- If you forget to take the eggs out of the fridge, place them in a bowl and run warm water in for 5 minutes to let them come to room temperature.
- Beating the dough with an electric mixer ensures that all of the ingredients are well combined, the flour is hydrated, and that your buns have a nice amount of fluffiness and air to them.
- The dough will be quite sticky. Flouring a work surface and your hands will help. I used a scoop to get the number portions of dough I wanted right onto the floured surface, then lightly formed them into balls. You could also scoop the dough right into the pan, but then you might not know how many you’ll end up with.
Store leftover dinner rolls in an airtight container in the fridge for up to three days. I recommend serving them warm So you can reheat them in the oven by wrapping the rolls in tin foil and heating in a 350°F oven for 5-10 minutes. Or microwave them for 30 seconds to 1 minute.
Can I Freeze Dinner Rolls?
Yes, these gluten free rolls freeze well. Allow them to cool completely, then freeze in an airtight container or zip-top bag for up to three months. When you’re ready to serve, thaw the rolls at room temperature for a few hours. You can warm them in a 350°F oven wrapped in tin foil for 5-10 minutes or until warmed through. Or microwave them for 30 seconds to 1 minute.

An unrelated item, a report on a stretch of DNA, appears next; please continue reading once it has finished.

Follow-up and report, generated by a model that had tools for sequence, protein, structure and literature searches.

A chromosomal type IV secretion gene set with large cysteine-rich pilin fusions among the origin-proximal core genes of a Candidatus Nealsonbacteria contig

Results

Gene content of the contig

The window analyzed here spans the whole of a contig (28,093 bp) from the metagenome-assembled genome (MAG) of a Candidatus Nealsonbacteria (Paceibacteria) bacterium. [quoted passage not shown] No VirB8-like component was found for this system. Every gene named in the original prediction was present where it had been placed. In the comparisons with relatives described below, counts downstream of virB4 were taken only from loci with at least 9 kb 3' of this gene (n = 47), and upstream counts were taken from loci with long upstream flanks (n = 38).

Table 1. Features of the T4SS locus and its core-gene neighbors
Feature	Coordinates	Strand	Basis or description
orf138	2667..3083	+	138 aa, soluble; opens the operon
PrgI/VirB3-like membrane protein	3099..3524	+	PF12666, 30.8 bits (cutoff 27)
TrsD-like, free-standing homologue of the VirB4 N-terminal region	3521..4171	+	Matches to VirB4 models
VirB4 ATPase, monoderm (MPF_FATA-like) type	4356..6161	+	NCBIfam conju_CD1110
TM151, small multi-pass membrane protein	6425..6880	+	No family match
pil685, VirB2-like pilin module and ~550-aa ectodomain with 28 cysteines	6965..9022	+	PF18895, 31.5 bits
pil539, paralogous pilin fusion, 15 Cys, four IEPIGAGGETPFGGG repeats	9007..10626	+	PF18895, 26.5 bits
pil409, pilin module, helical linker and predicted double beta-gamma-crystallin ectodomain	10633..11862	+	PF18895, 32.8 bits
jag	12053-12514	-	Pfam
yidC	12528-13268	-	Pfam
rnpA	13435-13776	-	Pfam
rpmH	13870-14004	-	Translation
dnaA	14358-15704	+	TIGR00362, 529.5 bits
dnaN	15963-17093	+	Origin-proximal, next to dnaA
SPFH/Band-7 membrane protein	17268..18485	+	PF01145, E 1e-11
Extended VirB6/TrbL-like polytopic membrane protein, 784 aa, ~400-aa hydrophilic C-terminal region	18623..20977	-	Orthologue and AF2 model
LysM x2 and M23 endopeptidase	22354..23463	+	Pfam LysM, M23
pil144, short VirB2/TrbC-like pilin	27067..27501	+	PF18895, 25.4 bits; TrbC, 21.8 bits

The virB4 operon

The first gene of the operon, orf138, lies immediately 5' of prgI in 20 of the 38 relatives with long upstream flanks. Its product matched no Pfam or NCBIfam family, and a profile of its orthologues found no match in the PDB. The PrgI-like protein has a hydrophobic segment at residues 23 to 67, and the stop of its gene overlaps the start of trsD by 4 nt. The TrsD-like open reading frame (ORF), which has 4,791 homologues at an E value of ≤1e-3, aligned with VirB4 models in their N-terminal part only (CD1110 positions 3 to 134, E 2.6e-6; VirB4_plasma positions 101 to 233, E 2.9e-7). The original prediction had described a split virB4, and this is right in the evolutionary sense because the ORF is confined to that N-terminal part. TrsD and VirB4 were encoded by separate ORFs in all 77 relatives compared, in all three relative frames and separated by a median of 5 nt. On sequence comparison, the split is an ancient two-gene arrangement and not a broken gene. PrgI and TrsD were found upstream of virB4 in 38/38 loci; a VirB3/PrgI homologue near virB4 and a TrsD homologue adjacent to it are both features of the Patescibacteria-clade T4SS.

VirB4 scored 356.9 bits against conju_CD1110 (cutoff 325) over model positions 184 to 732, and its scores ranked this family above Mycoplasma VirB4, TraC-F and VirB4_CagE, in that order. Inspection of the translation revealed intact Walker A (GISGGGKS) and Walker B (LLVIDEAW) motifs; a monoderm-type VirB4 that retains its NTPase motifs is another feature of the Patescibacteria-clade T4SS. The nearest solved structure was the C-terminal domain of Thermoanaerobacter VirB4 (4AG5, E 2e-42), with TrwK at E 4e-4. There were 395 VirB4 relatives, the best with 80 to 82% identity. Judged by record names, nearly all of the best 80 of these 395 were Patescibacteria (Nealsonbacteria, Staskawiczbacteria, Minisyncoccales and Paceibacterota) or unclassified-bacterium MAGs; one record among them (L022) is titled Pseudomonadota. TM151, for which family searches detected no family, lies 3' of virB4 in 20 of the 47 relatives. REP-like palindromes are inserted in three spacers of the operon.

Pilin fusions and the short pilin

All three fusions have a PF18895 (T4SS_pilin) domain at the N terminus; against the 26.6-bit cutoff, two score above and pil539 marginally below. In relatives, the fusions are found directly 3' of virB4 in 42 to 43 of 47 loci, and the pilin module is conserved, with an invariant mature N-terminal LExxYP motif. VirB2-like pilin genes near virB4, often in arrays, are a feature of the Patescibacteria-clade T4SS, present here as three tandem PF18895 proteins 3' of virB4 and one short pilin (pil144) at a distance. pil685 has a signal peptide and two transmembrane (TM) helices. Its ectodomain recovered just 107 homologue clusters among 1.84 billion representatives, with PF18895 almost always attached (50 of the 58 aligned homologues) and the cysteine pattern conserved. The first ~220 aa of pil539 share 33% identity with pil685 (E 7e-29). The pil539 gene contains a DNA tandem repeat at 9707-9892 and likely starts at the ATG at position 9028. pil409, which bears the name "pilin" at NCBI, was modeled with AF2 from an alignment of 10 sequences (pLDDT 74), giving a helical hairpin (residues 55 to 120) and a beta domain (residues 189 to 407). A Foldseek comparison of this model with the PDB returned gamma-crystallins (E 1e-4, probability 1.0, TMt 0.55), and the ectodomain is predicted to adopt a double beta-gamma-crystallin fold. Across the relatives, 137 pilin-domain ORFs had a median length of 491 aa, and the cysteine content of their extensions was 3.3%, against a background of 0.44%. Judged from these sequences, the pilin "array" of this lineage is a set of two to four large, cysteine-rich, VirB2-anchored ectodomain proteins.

I love to serve these gluten free dinner rolls with a holiday meal along with my other favorite side dishes.
- Maple Cinnamon Mashed Sweet Potatoes
- Roasted Brussels Sprouts and Butternut Squash
- Gluten Free Stuffing
- Corn Pudding Casserole
Also, if you want to make them extra special, set out a bowl of Cranberry Orange Butter for spreading.
Shop the Recipe
GLUTEN FREE FLOUR – this recipe has been tested with King Arthur Measure for Measure Gluten Free Flour. Other brands may give you different results.
TAPIOCA FLOUR – also known as tapioca starch, is essential in addition to the baking flour blend.
PARCHMENT PAPER – whenever possible, I line my baking pans with parchment paper to make my gluten free baked goods easier to remove.
STAND MIXER – a paddle attachment on a KitchenAid Mixer makes it easy to max this dough.
Gluten Free Dinner Rolls
- ½ cup warm water (90-110°F)
- 1 packet active dry yeast (or 2 1/4 teaspoons)
- 3 Tablespoons brown sugar, divided
- 3 cups 1-to-1 gluten-free flour, about 12.4 oz (I used King Arthur Measure-for-Measure) plus additional if needed
- 1 cup tapioca flour, about 4 oz.
- 1 teaspoon xanthan gum
- 1 ½ teaspoons salt
- ¼ cup unsalted butter, melted and cooled
- 2 eggs, at room temperature
- 1 cup milk, warmed to 90-110°F
- 2 Tablespoons unsalted butter, melted